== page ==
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The Results Are Out On Smoking

Armen Hareyan's picture

As teens wait anxiously for their GCSE results this week, many of the approximately one hundred thousand 16-year-old smokers may be turning to cigarettes for relief as the pressure mounts.

This Thursday will mark the end of two years of studying for thousands of students, and as many embark on further studies they will also have to leave cigarettes behind. From 1st October it will be illegal to sell tobacco to under 18's (up from 16).

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Reaching for a cigarette when stressed is actually the worst thing a nervous student can do - research has shown that lighting up when under pressure actually increases stress levels. Nicotine wears off quickly and the withdrawal symptoms can make people tense. All smoking actually does is calm nicotine cravings - the very symptom that smoking causes.

Currently, 26 percent of 16-19 year olds smoke and half of all teenagers who smoke will die from diseases caused by tobacco if they continue to smoke throughout the course of their life. It is hoped that changing the age of sale of tobacco will make it harder for under-18's to become addicted to tobacco and therefore reduce the numbers of tobacco users who unnecessarily cut short their lives through tobacco related illnesses. Reducing the minimum age at which teenagers can be sold tobacco products will also reduce the general availability of cigarettes, and could therefore discourage young people from taking up smoking in the first place.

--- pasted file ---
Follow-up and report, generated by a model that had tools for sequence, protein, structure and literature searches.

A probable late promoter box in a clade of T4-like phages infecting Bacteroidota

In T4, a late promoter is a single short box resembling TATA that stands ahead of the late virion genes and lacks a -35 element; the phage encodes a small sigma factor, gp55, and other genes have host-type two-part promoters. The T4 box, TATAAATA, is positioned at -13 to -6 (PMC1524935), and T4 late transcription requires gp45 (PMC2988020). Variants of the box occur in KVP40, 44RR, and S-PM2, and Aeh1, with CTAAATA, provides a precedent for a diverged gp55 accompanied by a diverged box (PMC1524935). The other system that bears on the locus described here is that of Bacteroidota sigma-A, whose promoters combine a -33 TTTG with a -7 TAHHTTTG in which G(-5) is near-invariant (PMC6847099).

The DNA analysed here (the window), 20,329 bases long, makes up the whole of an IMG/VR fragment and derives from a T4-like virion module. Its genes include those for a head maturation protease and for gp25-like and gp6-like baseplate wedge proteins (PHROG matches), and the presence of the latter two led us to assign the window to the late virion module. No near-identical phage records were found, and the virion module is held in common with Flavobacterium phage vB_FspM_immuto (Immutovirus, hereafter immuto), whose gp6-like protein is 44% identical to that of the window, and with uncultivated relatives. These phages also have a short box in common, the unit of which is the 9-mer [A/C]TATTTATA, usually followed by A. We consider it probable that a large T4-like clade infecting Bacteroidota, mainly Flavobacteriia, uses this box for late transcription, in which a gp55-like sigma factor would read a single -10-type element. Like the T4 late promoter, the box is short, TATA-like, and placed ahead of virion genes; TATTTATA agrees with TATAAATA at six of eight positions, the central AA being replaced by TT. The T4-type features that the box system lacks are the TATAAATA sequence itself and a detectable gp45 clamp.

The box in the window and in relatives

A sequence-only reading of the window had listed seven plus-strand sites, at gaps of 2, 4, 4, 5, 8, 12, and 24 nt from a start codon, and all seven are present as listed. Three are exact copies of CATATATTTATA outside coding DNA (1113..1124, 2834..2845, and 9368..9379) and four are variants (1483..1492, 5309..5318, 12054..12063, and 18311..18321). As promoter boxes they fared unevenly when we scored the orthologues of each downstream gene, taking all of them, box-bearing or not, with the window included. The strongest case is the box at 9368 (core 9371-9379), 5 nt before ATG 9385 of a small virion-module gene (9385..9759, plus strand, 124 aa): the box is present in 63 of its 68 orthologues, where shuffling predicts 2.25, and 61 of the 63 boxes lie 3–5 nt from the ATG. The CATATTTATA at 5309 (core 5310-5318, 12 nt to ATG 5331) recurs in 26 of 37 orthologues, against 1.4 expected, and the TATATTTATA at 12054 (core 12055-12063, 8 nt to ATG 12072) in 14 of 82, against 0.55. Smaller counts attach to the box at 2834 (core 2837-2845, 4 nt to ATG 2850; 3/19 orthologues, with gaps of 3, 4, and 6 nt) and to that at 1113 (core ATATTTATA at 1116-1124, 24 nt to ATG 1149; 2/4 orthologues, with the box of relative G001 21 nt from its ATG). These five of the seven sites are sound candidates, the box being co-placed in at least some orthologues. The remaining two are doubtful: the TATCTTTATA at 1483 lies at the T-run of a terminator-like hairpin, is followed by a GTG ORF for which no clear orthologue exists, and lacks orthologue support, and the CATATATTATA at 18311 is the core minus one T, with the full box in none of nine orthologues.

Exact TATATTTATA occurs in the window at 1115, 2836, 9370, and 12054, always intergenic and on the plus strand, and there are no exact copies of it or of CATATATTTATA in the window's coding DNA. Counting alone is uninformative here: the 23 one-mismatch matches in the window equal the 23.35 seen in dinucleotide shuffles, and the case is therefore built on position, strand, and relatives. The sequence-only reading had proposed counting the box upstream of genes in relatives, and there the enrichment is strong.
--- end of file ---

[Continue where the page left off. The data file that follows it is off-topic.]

Help is at hand locally for teenagers wanting to quit, with Manchester Primary Care Trust (PCT) providing a range of options through the Stop Smoking Service. Richard Holford, Senior Public Health Development Advisor for Tobacco Control and Young People said,